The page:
IVORY Coast, the world’s largest cocoa producer, is sick again politically. Tension is rising back to the 2011 levels when a disputed election led to the death of over 3,000 people through widespread violence.
A presidential election which mainly pitched former President Laurent Gbagbo’s Ivorian Popular Front, IPF, and Alassane Ouattara’s Republican Rally, RR, ended in the latter’s favour, but the Constitutional Court upturned the vote in Gbagbo’s favour.
The ensuing impasse and violence sparked off the Second Ivorian Civil war in March 2011. The bulk of the country’s military, with the full backing of former colonial master, France and the international community which backed Ouattara, flushed out Gbagbo.
He was arraigned at the International Criminal Court, ICC, at the Hague while Ouattara was sworn-in as president.
Unfortunately, Ouattara and his followers have submitted themselves to the same demon that prevents African leaders from peacefully leaving the seat of power; the very same issue that led to the disgrace of Gbagbo, his immediate predecessor.
After exhausting his constitutional two terms, Ouattara had initially anointed his Prime Minister, Amadou Gon Coulibaly, to succeed him. But when Coulibaly suddenly died of a heart attack on July 8 this year, Ouattara shockingly decided to run for a third term.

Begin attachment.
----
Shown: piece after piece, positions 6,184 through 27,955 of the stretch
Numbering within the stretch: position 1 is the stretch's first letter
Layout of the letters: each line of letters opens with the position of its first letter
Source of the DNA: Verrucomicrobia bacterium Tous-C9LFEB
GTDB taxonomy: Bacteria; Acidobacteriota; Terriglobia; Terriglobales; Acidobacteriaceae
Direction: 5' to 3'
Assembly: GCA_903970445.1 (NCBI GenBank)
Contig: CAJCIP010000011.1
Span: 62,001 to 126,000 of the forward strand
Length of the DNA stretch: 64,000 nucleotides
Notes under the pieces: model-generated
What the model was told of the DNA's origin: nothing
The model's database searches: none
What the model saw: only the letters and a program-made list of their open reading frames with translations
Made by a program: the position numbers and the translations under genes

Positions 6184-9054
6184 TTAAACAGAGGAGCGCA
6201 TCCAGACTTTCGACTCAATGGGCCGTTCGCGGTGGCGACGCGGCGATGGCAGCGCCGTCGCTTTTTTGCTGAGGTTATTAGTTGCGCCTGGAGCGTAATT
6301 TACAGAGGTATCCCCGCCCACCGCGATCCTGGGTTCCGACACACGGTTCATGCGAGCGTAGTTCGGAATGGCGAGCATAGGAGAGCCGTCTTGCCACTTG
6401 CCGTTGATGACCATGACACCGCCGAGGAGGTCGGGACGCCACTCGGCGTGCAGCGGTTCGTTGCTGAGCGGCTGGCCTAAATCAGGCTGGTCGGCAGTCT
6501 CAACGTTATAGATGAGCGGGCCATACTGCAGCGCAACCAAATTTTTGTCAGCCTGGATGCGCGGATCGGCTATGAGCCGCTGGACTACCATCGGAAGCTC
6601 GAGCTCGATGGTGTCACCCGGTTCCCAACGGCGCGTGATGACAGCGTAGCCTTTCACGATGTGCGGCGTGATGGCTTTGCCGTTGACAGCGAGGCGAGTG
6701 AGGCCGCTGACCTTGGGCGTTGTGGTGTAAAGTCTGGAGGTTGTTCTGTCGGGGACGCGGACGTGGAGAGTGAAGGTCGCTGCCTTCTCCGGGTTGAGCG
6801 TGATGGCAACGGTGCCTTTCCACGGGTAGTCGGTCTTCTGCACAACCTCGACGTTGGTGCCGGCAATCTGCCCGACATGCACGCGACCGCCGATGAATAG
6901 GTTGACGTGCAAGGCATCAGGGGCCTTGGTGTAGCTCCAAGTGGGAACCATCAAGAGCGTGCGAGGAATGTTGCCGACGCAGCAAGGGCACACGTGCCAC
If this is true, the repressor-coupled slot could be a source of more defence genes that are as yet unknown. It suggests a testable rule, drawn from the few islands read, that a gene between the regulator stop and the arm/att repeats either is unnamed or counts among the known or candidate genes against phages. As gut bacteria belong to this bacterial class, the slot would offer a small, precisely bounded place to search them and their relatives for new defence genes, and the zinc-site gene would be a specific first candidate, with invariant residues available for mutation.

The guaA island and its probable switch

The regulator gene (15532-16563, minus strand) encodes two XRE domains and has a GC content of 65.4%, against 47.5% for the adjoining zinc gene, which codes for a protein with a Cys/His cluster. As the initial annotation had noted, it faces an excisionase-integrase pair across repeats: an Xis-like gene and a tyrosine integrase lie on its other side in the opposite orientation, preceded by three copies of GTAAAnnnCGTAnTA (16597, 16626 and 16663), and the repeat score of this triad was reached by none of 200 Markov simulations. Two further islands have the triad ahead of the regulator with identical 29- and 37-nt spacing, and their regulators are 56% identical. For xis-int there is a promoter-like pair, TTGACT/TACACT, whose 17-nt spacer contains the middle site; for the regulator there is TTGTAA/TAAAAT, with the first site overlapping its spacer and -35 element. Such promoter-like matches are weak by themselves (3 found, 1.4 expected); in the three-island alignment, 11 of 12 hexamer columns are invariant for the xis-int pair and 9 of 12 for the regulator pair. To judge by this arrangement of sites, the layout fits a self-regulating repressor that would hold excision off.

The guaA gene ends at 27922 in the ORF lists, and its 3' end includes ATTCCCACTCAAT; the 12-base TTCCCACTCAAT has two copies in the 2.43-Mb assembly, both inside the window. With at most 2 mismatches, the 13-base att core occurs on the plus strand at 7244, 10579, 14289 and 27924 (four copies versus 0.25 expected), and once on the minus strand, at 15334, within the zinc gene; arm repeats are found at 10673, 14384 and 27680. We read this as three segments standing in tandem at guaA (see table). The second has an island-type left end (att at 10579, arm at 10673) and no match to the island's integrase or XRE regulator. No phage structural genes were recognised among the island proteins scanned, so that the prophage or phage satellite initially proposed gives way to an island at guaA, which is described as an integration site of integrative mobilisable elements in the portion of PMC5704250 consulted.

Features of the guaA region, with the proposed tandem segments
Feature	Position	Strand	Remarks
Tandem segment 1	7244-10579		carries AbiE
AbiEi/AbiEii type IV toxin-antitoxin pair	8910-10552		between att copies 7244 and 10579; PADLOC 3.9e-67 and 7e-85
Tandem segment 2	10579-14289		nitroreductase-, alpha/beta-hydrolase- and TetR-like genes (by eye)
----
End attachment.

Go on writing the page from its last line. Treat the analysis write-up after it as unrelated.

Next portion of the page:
Already, (just like in 2011) the Ivorian Constitutional Council has, based on a court ruling, cleared Ouattara for his third term bid. Ouattara’s party insists that a 2016 tweak of the laws makes the third term bid legal.
Also, the electoral umpire has made rules forbidding people convicted of crimes from running for office. This effectively disqualified Laurent Gbagbo (who has been conditionally freed by the ICC) and a handful of others from running in the October 31, 2020 presidential election.
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That narrows the field to two very old men: RR’s 78-year-old Ouattara and 86-year-old former President, Henri Konan Bedie, who flies the Democratic Party of Cote D’Ivoire-African Democratic Rally, PDCI-RDA, flag.
From all indications, the highly-meddlesome France, which had advised Ouattara against the third term bid, has fallen ominously silent. Also, the Economic Community of West African States, ECOWAS and Nigeria’s Muhammadu Buhari, only advised West Africa leaders to desist from tenure extension, unlike the military threats used to get rid of Gbagbo.
Meanwhile, the seeds of violence are already sprouting. At least, 17 people have died due to clashes arising from Ouattara’s unholy ambition.
We call on ECOWAS and the international community to exert the same pressure they applied on Gbagbo and prevent Ouattara from standing for third term. If he succeeds in imposing himself on the Ivorian people, it may negatively affect transition in other countries of the sub-region.
Worst of all, Ivory Coast might be plunged into a third civil war.